The assignment for this essay was to “…think about the elements of product return policies. Make a list of at least 6 elements or attributes of the return policy (e.g., no questions asked, money back guarantee, etc) that make the product more appealing. List these attributes in the order of their importance and describe the attributes of the return policy, that if missing, would be a deal breaker and make you less likely to buy the product.” I earned a 10/10 for the below essay.
A return policy is a very important aspect of my personal purchase decision process, especially when buying a new product. When buying a used product, one may expect the return policy to not be as lenient as when buying a new product. For instance, there are many vendors who use a “sold as is” policy, meaning even if the product is found defective it cannot be returned. There are other vendors, notably car and computer hardware manufacturers, who actually offer a similar, if not equivalent, return and warranty policy for used or refurbished products to their new products. For example, Apple provides the same one year limited warranty on its’ refurbished computers as on their brand-new computers and BMW offers a 50,000 mile warranty on both new and pre-owned vehicles (although the years, 4 versus 2, do differ). For new products, I expect the manufacturer to assume the risk of ownership, to a reasonable extent, within the initial period of owning the new product. In other words, if I buy a product, I expect the manufacturer to allow me to return or exchange the product if it proves to be defective or unsatisfactory. The important attributes of a return policy depend on the product being purchased.
A vendor must provide a reasonable period of time to use a purchased product before the returns are disallowed. To this extent, I generally avoid vendors and or products which do not offer a 30 day return period. There are obvious exceptions to this rule, especially for products which do not have a 30 day life span such as consumable goods, food for instance, and temporary services, such as a stay at a hotel. There are additional exceptions, when a product will experience wear and tear during a 30 day period, such as a car or computer, that make it acceptable to offer a shorter return policy; otherwise I will generally not purchase a product I expect to last for a long period without a 30 day return policy. In my mind, a company that does not offer 30 days to test out and use a product must not be confident of the quality and durability of its’ product, which discourages me from buying such a product from such a vendor.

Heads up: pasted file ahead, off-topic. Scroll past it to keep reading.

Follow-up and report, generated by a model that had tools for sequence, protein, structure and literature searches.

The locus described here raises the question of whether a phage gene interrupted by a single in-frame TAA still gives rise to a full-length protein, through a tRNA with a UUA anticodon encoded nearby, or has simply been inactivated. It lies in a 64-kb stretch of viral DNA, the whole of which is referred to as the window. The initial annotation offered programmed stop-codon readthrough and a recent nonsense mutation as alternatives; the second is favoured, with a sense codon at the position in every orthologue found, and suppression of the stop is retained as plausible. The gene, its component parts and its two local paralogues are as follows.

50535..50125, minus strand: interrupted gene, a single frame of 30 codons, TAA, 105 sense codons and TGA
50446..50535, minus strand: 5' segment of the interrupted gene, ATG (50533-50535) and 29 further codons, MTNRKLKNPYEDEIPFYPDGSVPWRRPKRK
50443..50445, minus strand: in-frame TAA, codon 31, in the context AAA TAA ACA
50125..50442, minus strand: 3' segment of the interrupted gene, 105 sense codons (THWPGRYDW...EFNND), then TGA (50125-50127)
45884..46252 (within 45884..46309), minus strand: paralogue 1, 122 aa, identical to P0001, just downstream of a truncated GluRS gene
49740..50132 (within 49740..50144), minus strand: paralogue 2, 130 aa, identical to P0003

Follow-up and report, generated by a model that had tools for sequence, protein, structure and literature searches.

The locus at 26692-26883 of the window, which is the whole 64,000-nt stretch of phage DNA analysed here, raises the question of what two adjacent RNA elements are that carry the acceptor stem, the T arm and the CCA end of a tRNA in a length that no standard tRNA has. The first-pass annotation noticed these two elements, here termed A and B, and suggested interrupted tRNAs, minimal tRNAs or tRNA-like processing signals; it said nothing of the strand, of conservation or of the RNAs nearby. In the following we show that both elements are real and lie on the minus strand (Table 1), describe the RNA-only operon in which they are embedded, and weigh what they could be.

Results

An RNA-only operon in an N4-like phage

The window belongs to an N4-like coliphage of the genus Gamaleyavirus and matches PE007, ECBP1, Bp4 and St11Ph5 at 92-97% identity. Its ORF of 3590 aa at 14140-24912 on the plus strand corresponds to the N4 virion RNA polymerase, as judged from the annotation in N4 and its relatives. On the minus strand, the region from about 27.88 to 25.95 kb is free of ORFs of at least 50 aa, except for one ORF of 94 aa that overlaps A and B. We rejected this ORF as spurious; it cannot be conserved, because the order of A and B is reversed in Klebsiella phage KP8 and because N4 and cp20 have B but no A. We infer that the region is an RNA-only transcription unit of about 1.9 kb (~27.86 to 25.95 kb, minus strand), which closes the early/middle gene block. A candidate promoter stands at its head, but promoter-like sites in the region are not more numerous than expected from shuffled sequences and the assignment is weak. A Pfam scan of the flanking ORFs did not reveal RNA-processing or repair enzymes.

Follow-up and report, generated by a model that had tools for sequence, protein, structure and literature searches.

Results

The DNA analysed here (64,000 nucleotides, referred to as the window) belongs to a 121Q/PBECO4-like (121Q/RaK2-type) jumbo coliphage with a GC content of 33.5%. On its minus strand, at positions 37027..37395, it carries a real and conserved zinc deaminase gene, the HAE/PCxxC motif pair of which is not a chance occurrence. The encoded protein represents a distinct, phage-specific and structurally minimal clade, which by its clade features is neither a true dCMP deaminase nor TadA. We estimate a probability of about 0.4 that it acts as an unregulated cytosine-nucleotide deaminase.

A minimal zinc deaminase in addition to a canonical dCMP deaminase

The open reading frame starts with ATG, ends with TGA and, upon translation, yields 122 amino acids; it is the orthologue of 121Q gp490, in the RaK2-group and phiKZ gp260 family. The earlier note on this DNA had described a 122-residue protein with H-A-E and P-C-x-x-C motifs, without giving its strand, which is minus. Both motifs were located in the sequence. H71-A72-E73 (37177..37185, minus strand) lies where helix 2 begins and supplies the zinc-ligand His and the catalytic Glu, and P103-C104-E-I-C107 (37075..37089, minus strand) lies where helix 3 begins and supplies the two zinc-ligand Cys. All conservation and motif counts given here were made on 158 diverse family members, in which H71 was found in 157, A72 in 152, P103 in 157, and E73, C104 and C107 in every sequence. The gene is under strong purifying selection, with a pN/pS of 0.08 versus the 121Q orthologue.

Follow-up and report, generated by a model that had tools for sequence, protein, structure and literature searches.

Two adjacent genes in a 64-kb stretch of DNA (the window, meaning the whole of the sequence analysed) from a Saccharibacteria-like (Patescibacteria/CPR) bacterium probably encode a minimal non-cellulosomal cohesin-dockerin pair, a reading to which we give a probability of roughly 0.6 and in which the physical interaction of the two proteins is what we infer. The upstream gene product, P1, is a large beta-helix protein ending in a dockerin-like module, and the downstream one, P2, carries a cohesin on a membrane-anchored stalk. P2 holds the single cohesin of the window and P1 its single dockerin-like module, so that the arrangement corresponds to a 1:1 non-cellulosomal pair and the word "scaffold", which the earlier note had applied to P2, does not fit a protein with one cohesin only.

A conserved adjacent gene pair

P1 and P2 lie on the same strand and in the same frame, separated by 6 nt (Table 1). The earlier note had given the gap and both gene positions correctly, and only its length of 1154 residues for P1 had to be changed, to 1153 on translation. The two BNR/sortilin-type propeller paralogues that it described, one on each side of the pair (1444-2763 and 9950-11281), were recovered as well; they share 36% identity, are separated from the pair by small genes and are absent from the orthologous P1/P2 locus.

Another important property, I personally look for in a vendor’s return policy, is the ability to return the product for any reason. For instance, if I buy a set of speakers advertised as being the greatest speakers in the world, and yet after two weeks of using the speakers I am unimpressed, I should be able to return the speakers to the store for a full refund without having to explain why I am returning the speakers. It is acceptable if the merchant asks why I am returning the product so that they may improve the product, but if they retain the right to deny a return because I did not enjoy the product as expected, I will have to analyze my purchase decision in greater scrutiny than if the vendor offered a “no questions asked” policy.
For products that are either defective, of poor quality, or in any other fashion not as advertised, all costs, such as restocking fees or shipping and handling fees should be paid for by the vendor. In addition, any shipping and handling costs the customer had to pay should be refunded upon return. If the reason for the return is beyond the customer simply changing their mind, the customer should not have to suffer the loss of these costs. It is only fair that the consumer is returned to a financial position equivalent to their position before the purchase in scenarios where the return is due to a product defect or other negative aspect of the product for which the store or manufacturer is at fault.